Jordan needs to buy a computer for school. Her parents say they will pay 20% of the list cost of the laptop, but she is responsible for the rest. The computer is on sale at the office store for $799. Jordan also clipped a 15% off coupon out of the weekly flyer. How much will she be paying out of her own pocket?
The first thing we need to tackle in this question is what portion Jordan’s parents will pay for the computer. They are committing to pay 20% of the original price, not the sale price, so we multiply the full list cost of $799 by 0.20. Remember to convert your percentages to decimal points or fractions before doing multiplication! 799 x 0.20 = 159.80 -> the money Jordan’s parents will contribute. Next, we need to determine how much the computer costs at the office store this week with the 15% off coupon. 15% is 0.15 as a decimal and we multiply that by the list price of $799. 799 x 0.15= 119.85 -> the discount Jordan receives from the coupon. Now, it can be helpful to set up your equation to find the final answer with words before adding any numbers to make sure you find the right value asked for in the word problem. In this case, we are trying to find how much money Jordan is paying out of her own pocket for the laptop. Jordan’s out of pocket cost= Original list price – her parent’s contribution – the coupon discount Now that we know our terms, it is easy to plug in the numbers to get our final answer. $799 - $159.80 - $119.85 = $519.35 Remember to write your final answer as a complete sentence! Jordan will pay $519.35 out of her own pocket for her new school computer.
What is the difference between a positive punishment and a positive reinforcement? How can there be positive punishment, isn’t that a contradiction?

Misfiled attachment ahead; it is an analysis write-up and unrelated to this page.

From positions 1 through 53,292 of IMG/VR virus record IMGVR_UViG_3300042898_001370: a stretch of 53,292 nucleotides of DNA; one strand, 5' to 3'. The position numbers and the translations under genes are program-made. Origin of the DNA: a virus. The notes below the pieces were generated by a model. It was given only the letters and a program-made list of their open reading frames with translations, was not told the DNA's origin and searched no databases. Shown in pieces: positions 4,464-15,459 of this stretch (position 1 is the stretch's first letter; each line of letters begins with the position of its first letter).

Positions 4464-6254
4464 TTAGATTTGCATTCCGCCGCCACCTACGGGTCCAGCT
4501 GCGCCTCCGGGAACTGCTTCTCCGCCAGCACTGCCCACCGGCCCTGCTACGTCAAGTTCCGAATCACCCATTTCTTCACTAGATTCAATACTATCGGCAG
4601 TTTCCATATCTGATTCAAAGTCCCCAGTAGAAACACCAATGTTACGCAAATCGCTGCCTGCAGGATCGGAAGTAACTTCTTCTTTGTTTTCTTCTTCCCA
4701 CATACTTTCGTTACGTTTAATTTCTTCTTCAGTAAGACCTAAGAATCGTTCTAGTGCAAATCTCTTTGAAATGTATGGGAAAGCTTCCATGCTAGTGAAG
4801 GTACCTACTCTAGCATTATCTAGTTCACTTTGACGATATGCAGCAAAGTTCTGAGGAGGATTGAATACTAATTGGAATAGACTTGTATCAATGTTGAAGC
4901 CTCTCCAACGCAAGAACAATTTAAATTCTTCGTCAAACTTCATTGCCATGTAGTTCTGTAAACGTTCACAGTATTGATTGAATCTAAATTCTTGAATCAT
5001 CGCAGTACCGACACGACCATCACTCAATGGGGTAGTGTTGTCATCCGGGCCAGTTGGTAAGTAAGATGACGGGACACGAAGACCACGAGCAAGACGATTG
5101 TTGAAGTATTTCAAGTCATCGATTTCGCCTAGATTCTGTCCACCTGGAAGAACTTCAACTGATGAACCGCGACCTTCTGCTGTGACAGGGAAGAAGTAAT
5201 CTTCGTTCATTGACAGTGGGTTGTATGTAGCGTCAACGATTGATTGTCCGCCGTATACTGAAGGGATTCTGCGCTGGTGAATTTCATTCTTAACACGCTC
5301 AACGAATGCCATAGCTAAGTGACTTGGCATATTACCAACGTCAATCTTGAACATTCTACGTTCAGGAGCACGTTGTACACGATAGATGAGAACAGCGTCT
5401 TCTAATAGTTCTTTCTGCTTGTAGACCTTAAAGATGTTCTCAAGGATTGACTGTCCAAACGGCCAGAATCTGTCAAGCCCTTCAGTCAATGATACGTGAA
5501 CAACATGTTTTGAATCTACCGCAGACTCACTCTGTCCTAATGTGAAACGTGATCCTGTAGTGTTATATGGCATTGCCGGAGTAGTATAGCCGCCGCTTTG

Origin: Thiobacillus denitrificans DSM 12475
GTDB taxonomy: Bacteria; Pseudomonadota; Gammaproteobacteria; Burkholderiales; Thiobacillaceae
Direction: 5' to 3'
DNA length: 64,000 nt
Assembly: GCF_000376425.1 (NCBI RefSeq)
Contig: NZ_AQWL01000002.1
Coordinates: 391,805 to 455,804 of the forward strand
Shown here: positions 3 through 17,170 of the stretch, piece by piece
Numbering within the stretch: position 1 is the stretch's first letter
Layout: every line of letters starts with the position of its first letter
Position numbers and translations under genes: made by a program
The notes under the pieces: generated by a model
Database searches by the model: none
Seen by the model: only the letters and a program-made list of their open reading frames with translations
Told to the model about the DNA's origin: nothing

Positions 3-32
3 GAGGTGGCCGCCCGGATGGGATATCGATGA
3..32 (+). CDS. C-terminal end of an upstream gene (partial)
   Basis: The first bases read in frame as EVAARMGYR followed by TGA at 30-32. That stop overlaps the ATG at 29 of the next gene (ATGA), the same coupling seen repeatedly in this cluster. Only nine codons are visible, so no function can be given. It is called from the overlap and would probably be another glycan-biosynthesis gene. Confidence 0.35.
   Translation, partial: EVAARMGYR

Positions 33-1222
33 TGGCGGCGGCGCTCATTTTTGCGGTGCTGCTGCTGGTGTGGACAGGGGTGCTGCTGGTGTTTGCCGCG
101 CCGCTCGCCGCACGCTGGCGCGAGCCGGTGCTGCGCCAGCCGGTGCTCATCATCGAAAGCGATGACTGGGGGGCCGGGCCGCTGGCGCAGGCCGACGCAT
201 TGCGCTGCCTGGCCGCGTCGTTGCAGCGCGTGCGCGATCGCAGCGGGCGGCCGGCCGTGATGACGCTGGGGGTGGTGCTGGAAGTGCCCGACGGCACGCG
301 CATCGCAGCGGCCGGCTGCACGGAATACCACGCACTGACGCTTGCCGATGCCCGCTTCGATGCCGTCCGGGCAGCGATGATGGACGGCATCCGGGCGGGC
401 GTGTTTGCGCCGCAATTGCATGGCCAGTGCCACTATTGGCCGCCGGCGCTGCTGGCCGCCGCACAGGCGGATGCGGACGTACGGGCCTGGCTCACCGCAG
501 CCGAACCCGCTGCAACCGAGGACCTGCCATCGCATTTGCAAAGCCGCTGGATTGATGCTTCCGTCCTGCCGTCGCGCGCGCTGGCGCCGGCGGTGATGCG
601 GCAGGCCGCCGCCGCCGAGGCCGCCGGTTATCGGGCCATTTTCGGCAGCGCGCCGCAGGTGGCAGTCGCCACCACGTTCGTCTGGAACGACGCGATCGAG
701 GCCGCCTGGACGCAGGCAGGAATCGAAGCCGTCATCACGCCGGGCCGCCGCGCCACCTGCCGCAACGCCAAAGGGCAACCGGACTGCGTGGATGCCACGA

Before tackling the entire terms, we have to break down the language we use for them. In psychology, these terms have slightly different definitions than what we normally use them for in day to day life. In this case, positive means the addition or presentation of something material or behavioral, while negative means the removal of something. They are not inherently bad or good, just addition or removal. A reinforcement is used to increase the likelihood of a behavior occurring and a punishment is used to decrease the likelihood. Using these new definitions, the compound terms are much easier to understand. A positive punishment is the addition of something that decreases the likelihood of a certain behavior, while a negative punishment is the removal of something in order to decrease the likelihood of the said behavior. In contrast, a positive reinforcement is the addition of something used to increase the likelihood of future behavior and a negative reinforcement is the removal of something, which increases the occurrence of the behavior. Examples of each type are listed below. Positive reinforcement- Dog is given a treat when he sits on command, so he is more likely to sit when asked in the future. Positive punishment- Child leaves toys on the floor, mom presents chore as punishment like weeding garden, and behavior is less likely to happen in the future. Negative reinforcement- The annoying nagging of Mandy’s mother stops when Mandy takes the trash out, so she is more likely to take the trash out in the future. Doesn’t have to be all about kid’s behavior. Another example is when you have a headache, you take Advil. Advil removes your headache so you are more likely to take Advil in the future. Negative punishment- TV privileges are taken away from Tim because he said something inappropriate, so he will say less inappropriate comments in the future.